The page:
Is democracy the one size fits all solution?

Discussion in 'Current Events' started by Ozmar, Jan 30, 2011.

  1. Ozmar
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    Ozmar This tree will shoot you.

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    I keep hearing the mantra about free democratic societies, and how democracy is the answer to authoritarian regimes. Apparently spreading democracy to Iraq was supposed to be this utopian solution and alternative to the despotic regime of Saddam Hussein.

    I think this whole idea stems from the democracies there were set up in Western Europe after WWII. Those democracies did take hold, and those societies became freer as a result. I have to wonder if those weren't historical anomalies. Democracy by its very nature is fractious; different parties form with different political goals, ideologies, often demographics. This is not a bad thing if a country is relatively homogenous, as most of the Western European countries were (or used to be). In Japan and South Korea, democracy took hold with relative ease (later for South Korea than Japan).

    In America, it has taken shape over hundreds of years, from not really democratic in the beginning to now. I think that the long established institutions are sufficiently strong to overcome the diversity of the populace for now.

    In the Middle East, I'm not sure that it would work out to pretty. What do we have over there? Cultures and traditions that reach back thousands of years. Old ways that just won't die. There is also a competing ideology of theocracy entrenched in the majority religion Islam. Given that there is often a cycle of violence even within the various sects of Islam, I wonder how a fractious system of government could actually work. For instance, there are tribal bonds and loyalties that precede the modern nation states that were carved out of colonialism in the past century or so. These modern nation states are like artificial boons over a sea of preceding culture and tradition. These modern nation states have generally been headed by strongmen since their inception, often having coups resulting in one strongman replacing another.

    If the strongman is taken out of the equation with a fractious population used to being unified by the authoritarian nature of the regime heading their nation state, what I believe happens is they revert to their traditional tribalism, and the nation state falls apart. I believe that is what we see in Iraq. I believe that is what happened in Somalia with the fall of their dictator.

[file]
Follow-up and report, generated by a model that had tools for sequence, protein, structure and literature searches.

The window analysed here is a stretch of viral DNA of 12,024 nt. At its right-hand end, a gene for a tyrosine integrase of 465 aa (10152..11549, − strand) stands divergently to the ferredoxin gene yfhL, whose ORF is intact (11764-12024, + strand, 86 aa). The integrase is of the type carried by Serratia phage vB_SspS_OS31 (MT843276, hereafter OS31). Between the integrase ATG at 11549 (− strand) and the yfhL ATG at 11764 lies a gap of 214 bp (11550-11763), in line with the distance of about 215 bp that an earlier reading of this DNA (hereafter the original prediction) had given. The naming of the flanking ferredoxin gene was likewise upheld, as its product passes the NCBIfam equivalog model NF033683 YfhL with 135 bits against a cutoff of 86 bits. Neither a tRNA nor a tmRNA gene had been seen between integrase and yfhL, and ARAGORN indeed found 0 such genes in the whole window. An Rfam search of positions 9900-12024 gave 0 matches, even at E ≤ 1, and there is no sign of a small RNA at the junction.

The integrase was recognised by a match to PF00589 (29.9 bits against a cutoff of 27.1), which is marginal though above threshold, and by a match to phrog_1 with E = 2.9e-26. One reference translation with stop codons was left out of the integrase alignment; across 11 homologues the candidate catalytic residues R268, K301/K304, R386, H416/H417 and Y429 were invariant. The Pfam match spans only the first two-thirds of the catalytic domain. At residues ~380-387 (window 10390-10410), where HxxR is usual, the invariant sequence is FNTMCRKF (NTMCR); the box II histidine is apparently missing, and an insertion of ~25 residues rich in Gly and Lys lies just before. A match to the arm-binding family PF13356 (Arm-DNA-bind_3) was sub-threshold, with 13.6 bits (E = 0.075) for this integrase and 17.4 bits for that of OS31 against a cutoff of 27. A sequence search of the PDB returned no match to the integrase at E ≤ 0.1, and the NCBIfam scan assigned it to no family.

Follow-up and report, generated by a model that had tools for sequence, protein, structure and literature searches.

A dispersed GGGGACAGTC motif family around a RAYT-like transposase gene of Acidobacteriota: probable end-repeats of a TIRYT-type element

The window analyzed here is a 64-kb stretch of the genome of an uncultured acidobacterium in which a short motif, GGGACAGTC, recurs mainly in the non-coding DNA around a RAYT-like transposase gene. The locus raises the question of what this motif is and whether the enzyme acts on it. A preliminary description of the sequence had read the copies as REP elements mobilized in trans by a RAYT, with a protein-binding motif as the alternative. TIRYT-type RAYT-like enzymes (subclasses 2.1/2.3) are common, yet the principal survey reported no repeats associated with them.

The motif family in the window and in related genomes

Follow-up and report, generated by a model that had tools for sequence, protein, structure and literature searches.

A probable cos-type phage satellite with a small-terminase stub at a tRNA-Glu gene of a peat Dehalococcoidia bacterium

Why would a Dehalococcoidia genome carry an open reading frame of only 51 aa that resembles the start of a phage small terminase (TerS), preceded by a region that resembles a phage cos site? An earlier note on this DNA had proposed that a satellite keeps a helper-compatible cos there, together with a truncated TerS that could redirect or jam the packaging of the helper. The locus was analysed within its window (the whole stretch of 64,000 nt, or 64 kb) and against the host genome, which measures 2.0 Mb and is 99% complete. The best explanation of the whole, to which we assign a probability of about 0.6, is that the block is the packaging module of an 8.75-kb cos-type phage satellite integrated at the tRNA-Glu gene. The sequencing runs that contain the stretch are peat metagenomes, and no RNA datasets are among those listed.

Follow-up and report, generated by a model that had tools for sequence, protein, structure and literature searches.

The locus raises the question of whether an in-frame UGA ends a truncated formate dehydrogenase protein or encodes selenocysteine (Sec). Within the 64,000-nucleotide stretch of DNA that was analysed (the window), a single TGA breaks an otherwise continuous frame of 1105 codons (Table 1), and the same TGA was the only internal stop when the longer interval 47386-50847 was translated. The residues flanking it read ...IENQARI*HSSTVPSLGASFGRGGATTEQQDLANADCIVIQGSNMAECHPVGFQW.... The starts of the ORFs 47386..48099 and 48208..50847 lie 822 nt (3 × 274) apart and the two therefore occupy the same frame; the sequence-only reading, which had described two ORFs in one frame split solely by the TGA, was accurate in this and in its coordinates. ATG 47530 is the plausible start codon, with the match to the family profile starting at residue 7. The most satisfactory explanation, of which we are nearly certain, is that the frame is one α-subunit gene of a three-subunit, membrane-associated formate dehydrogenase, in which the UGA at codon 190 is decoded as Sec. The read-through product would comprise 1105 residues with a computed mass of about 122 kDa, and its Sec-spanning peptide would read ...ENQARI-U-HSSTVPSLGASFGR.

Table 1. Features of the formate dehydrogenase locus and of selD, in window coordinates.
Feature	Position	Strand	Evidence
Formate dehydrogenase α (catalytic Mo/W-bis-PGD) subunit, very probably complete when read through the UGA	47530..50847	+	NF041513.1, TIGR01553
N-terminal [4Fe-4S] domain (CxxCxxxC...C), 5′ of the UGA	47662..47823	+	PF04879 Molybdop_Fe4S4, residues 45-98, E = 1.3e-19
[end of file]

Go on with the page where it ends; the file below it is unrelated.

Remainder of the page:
Given the fractious nature of tribalism is not conducive to a unified national government, I have to wonder if democracy could actually work in the Middle East.

    After the fall of the Soviet Union, there was all this joy and the prospect of democracy and freedom in Russia and beyond. Throughout history, there has never been a time when there was not a strongman of sorts in power. It is part of the national psyche to have a leader to look up to. It's really no surprise to me that over the last 20 years, Russia has been reverting back to authoritarianism.

    I'm tired right now, but I'll share more thoughts a little later.

    Except to say, why are people blindly pushing this idea that democracy works always and without fail?
     
  2. waltky
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    waltky Wise ol' monkey Supporting Member

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    Not if al-Qaida has anything to do with it...
    :eek:
    Al-Qaida slams calls for democracy in Middle East
    Saturday 19th February, 2011 - Ayman al-Zawahri, the second-in-command of Al-Qaida, has issued the terrorist group’s first message since the uprising in Egypt removed Mubarak from power. The message praised the development, but warned against the evils of democracy.
     
  3. Mr.Fitnah
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    Mr.Fitnah Dreamcrusher

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    Democracy = mob rule.
     
  4. idb
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    idb Gold Member

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    Bullshit
     
  5. idb
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    idb Gold Member

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    So many countries that fail at democracy are artificial constructs anyway.
    Most of the Middle Eastern and African countries were put together by Western powers during colonialism or after wars.
    No wonder they don't work.
    Maybe, for many of them, despotic rule with regular coups is the best system - at least until some sort of national unity is finally reached allowing a more democratic system to be installed.
    On the other hand, maybe a more logical organisation of nations is required - look at Sudan for example.
     
  6. Ozmar
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    Ozmar This tree will shoot you.

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    What about genocidal Sudan?
     
  7. idb
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    idb Gold Member

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    They decided that the way to stop the genocide is to split the country in two.
     

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